Cathy is a Principal Teaching Fellow in the School of Health Sciences. She is a Registered Nurse and Nurse Educator with extensive clinical and leadership experience in critical and high dependency care.
During the 16 years of working within higher education, Cathy has successfully lead and managed both undergraduate and postgraduate health care programmes. She has been working at the University of Surrey since September 2010 and has undertaken the role of Programme Director for the professional preparation nursing programmes, when she was accountable for the development, leadership and quality of this large programme.
Recently, in the role of Associate Dean for Education, Cathy was responsible for helping to shape the strategic direction of Learning and Teaching across the Faculty and at an Institutional level, ensuring that the Faculty had appropriate means and support to develop and share innovative pedagogic approaches.
Cathy is the Lead for Student Experience in the School of Health Sciences. She has a particular interest in Integrated Programmatic Assessment and the assessment and feedback practices used within both the academic and clinical practice settings.
University roles and responsibilities
- Lead for Student Experience, School of Health Sciences
- Chair - School of Health Sciences' Student Staff Liaison Committee
- Chair - OSCAR Regulatory Panels
- Module Leader - Supporting Education in Practice
- External Examiner - The University of Manchester
Affiliations and memberships
Nominated by the School of Health Sciences for the Vice Chancellor’s Learning and Teaching Award. University of Surrey. June 2013
Cathy has a particular research interest in assessment and feedback practices and how feedback is given and received within both academic and clinical practice settings. Cathy has recently been working in partnership with a nursing student to explore students' experiences of receiving verbal feedback within the practice learning environment. This has led to co-created opportunities to develop resources to prepare students for seeking out and using feedback whilst learning in clinical environments.
Cathy's latest work focuses upon supporting students' development of self-regulated learning. The opportunities afforded by an integrated programmatic assessment approach to learning and teaching is being explored. This represents a move away from using assessments solely as a means of assessing student ability at one point in time, to using assessments which are designed to guide and support student development in an on-going manner. The aim is to enable students to become independent learners by developing their autonomy, self-evaluation skills and confidence as independent learners. This is key to the preparation and well-being of students for the programmes and careers they will progress into.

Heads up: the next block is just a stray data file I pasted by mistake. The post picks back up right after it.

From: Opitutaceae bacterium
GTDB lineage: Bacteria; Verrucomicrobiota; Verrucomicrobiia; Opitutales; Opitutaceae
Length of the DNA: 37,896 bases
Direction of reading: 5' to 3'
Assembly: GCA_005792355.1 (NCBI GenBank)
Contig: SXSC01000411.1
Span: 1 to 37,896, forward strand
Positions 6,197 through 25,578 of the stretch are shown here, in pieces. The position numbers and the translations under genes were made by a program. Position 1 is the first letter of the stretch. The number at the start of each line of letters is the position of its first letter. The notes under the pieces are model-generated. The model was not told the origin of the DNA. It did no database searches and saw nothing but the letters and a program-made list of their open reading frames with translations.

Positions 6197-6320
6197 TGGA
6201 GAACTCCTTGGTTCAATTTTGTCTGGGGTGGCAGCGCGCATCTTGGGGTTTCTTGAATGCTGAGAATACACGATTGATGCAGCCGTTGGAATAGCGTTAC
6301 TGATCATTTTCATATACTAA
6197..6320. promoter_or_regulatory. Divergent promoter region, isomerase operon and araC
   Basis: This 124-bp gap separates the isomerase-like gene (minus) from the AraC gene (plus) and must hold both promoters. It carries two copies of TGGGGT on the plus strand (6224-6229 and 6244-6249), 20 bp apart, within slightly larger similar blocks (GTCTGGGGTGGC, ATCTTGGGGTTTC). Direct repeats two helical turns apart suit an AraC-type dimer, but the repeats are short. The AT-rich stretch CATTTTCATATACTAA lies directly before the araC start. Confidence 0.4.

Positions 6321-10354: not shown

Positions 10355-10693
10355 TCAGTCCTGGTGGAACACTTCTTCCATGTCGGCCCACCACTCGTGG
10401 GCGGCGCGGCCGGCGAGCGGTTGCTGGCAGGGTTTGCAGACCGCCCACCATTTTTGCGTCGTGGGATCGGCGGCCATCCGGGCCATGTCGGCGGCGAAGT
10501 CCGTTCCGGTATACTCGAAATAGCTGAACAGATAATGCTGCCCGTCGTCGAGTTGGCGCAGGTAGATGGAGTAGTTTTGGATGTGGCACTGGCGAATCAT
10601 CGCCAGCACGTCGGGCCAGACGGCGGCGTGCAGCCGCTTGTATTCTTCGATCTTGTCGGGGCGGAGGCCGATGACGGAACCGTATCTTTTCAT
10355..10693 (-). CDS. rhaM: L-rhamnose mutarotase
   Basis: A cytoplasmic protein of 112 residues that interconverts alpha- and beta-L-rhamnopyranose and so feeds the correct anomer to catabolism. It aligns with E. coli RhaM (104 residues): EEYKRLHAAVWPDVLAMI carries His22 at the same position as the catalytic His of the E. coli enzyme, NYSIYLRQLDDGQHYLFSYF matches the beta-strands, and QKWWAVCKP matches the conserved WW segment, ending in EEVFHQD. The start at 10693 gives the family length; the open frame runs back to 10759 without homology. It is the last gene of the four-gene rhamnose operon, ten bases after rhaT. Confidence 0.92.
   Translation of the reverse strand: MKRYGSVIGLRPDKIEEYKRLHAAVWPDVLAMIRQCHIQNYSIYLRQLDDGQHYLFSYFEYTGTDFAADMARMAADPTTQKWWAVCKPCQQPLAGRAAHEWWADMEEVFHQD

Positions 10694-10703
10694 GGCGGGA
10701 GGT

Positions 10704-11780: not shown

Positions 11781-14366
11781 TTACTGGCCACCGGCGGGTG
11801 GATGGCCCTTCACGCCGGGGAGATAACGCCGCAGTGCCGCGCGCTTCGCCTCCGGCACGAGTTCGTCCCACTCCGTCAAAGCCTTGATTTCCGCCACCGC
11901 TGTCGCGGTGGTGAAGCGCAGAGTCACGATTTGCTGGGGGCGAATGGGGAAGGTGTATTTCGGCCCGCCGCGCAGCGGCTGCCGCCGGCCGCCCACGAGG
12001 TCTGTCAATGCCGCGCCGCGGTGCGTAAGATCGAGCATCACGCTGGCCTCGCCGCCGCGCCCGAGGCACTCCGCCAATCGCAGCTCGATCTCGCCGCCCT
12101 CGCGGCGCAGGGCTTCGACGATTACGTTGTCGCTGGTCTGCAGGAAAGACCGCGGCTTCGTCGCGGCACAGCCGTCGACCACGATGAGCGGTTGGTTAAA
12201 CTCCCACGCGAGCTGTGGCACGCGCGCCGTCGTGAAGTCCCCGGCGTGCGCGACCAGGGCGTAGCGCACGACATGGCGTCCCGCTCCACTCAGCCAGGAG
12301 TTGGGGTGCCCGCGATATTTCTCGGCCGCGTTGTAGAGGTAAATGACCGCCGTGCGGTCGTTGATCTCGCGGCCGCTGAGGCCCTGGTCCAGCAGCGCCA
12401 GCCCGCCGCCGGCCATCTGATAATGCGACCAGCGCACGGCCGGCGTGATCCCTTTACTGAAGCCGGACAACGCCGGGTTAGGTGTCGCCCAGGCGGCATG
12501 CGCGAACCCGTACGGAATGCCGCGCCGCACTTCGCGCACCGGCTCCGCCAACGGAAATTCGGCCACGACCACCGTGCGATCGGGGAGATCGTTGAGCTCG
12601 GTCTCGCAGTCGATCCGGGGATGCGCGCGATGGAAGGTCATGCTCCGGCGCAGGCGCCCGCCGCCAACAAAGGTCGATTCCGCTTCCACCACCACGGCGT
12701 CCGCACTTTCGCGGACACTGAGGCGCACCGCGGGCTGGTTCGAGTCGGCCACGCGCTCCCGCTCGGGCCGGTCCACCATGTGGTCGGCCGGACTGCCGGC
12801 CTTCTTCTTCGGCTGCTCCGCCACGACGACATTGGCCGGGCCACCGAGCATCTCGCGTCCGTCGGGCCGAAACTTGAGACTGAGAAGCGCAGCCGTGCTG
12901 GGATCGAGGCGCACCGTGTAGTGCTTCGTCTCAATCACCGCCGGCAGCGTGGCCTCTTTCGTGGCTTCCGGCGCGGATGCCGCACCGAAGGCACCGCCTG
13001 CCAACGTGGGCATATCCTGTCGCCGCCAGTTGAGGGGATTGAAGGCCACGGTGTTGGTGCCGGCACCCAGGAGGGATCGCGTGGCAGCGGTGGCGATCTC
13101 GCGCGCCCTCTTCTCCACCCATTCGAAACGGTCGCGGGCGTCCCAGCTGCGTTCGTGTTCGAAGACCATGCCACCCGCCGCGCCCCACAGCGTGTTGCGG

Recent work has focused upon the use and value of annotations in the form of in-text comments, as a means of feedback on students work. This research was presented at The European Association for Research on Learning and Instruction (EARLI) conference in August 2019.
An evaluation of the role of formative feedback following real-time immersive simulated practice, and the impact of this pedagogic approach in terms of students' learning gain has indicated positive gains, but also highlighted barriers to learning associated with simulated practice. This work is being used to inform our current practices across the School of Health Sciences
As one component of the feedback process, annotations on student work should focus upon providing explanations and guidance which encourage students to use the comments to develop their abilities to act as self-regulated learners; thus promoting what Carless (2015) refers to as the new paradigm of feedback practices. This is contrary to the old paradigm in which annotations merely serve to transfer information, characterised by evaluative statements and corrective advice. It is argued that it is not only the content of the message, but also the language used, which has an impact upon the sustainability of this form of feedback practice. This study analysed annotations in the form of 1760 in-text comments, added by markers to 52 summative essays. Findings indicated that the majority of comments were directed at the level of task performance rather than relating to the process (i.e. giving students advice about their future work and regulation of their actions). Additionally, there were positive correlations found between grades and words expressing a positive emotional tone, as well as negative correlations between grades and words which had connotations of sadness, risk and were phrased as questions. It appears that all annotations encourage the old paradigm as they focus upon the delivery of information, which minimises the potential upon student learning. It is argued that markers’ practices could be modified to incorporate appropriate language and direction which could have a more positive impact upon students learning, maximising the benefit of in-text comments.
Module Lead - Supporting Education in Practice
Innovations and Leadership
Transitions in Care
Clinical Leadership and Consolidated Practice
Dissertation supervisor for undergraduate students
NET18 Conference, AdvanceHE
The Society in Europe For Simulation Applied To Medicine. 24th Annual Meeting, Bilbao.
Pedagogika, 141(1), pp. 94–112, 2021 https://doi.org/10.15823/p.2021.141.5